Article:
To my readers,

Noir has always been a favorite of mine perhaps for it’s atmosphere, images, voice, and intent. No happy endings. I’m addicted to fiction that explores the dark side of human nature, not only on an individual level, but also on a societal and political level. Noir tends to resurge during dark times—post war, McCarthy era, Vietnam, and the present.

As Wikipedia says, “Noir fiction is a literary genre … with a distinction that the protagonist is not a detective, but instead either a victim, a suspect, or a perpetrator. Other common characteristics include the self-destructive qualities of the protagonist. A typical protagonist of noir fiction is dealing with the legal, political or another system that is no less corrupt than the perpetrator.”

Visually and imagistic, noir is usually saturated in a dark and stormy atmosphere, perhaps even claustrophobic or sweltering. It started out urban, but has spread to rural and desolate. The story presents a mystery with twists and turns that should cause the reader to question what is right and what is wrong.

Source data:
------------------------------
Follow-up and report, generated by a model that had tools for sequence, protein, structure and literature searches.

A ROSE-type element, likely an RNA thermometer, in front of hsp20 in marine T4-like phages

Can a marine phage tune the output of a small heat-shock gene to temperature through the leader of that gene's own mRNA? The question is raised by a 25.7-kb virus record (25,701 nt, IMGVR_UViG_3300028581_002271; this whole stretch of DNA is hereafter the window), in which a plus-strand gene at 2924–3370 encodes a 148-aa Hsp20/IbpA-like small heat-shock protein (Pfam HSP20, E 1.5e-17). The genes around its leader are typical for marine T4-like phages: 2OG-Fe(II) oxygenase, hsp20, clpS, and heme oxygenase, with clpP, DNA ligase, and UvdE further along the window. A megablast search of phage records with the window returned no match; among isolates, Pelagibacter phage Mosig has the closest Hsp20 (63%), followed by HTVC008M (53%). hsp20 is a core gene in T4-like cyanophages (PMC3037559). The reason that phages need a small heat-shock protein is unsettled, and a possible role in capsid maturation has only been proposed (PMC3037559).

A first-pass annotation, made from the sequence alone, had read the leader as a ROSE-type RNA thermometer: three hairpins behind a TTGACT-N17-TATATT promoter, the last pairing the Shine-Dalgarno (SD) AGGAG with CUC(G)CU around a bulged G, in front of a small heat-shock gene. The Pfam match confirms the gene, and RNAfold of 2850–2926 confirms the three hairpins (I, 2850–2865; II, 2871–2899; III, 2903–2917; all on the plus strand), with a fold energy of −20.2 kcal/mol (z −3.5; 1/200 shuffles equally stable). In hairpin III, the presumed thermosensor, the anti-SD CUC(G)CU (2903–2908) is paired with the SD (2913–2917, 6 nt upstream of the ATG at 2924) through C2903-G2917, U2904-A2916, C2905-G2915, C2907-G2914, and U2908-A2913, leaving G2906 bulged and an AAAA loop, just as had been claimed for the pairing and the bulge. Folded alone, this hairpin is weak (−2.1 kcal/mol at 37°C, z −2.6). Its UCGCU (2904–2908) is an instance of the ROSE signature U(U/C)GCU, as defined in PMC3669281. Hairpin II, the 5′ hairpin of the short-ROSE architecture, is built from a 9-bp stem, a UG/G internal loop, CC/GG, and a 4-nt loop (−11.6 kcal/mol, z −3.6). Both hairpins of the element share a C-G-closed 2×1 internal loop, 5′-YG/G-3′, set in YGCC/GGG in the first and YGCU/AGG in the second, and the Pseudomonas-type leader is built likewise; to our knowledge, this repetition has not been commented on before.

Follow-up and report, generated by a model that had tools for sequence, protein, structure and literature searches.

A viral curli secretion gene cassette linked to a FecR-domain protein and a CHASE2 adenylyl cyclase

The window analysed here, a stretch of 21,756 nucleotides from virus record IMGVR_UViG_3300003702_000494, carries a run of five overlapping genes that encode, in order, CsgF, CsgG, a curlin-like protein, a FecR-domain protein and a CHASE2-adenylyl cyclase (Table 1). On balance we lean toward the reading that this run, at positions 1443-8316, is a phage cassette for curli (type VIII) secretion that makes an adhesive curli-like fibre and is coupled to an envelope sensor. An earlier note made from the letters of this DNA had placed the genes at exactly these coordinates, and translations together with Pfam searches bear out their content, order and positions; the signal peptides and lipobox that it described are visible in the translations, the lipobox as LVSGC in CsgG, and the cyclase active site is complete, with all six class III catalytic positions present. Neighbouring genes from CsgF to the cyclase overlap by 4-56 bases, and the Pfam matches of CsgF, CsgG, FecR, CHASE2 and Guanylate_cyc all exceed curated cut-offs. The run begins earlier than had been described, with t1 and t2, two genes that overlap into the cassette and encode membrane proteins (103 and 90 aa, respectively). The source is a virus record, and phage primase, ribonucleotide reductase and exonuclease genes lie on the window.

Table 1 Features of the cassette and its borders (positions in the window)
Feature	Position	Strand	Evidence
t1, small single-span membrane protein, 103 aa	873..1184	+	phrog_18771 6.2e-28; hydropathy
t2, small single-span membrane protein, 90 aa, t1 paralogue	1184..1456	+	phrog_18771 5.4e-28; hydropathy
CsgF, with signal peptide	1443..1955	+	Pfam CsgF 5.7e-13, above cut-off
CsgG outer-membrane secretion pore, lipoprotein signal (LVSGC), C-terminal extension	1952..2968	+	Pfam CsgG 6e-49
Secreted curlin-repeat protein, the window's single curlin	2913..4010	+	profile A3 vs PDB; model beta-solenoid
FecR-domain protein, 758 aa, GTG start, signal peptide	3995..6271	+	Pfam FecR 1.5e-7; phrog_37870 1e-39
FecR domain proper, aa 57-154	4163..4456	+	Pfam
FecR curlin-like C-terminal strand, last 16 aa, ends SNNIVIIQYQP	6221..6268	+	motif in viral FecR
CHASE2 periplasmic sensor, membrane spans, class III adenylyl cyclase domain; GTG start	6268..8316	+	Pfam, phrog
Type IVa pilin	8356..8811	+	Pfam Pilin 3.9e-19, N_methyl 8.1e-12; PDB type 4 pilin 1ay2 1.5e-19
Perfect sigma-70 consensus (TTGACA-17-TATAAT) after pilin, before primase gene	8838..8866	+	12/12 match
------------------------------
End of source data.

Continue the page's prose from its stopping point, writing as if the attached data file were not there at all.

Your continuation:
To learn more about noir, check out a fun conversation I had with Wendy Kendall and Julie Cooper on “Kendall and Cooper Talk Mysteries with Valerie J. Brooks” podcast.

Thanks for visiting Noir Travel Stories! I hope I’ve entertained you and given you an escape from the ordinary.

“You’re not too smart, are you? I like that in a man.”

Kathleen Turner to William Hurt, Body Heat

WHAT IS NOIR?

Noir: French for black; genre of fiction or film characterized by tough characters, cynicism, fatalism and moral ambiguity.

One of the best examples of film noir: 
Chinatown.

Valerie’s favorite noir film, Body Heat, stars Kathleen Turner,
William Hurt, Richard Crenna, Ted Danson, and Mickey Rourke.

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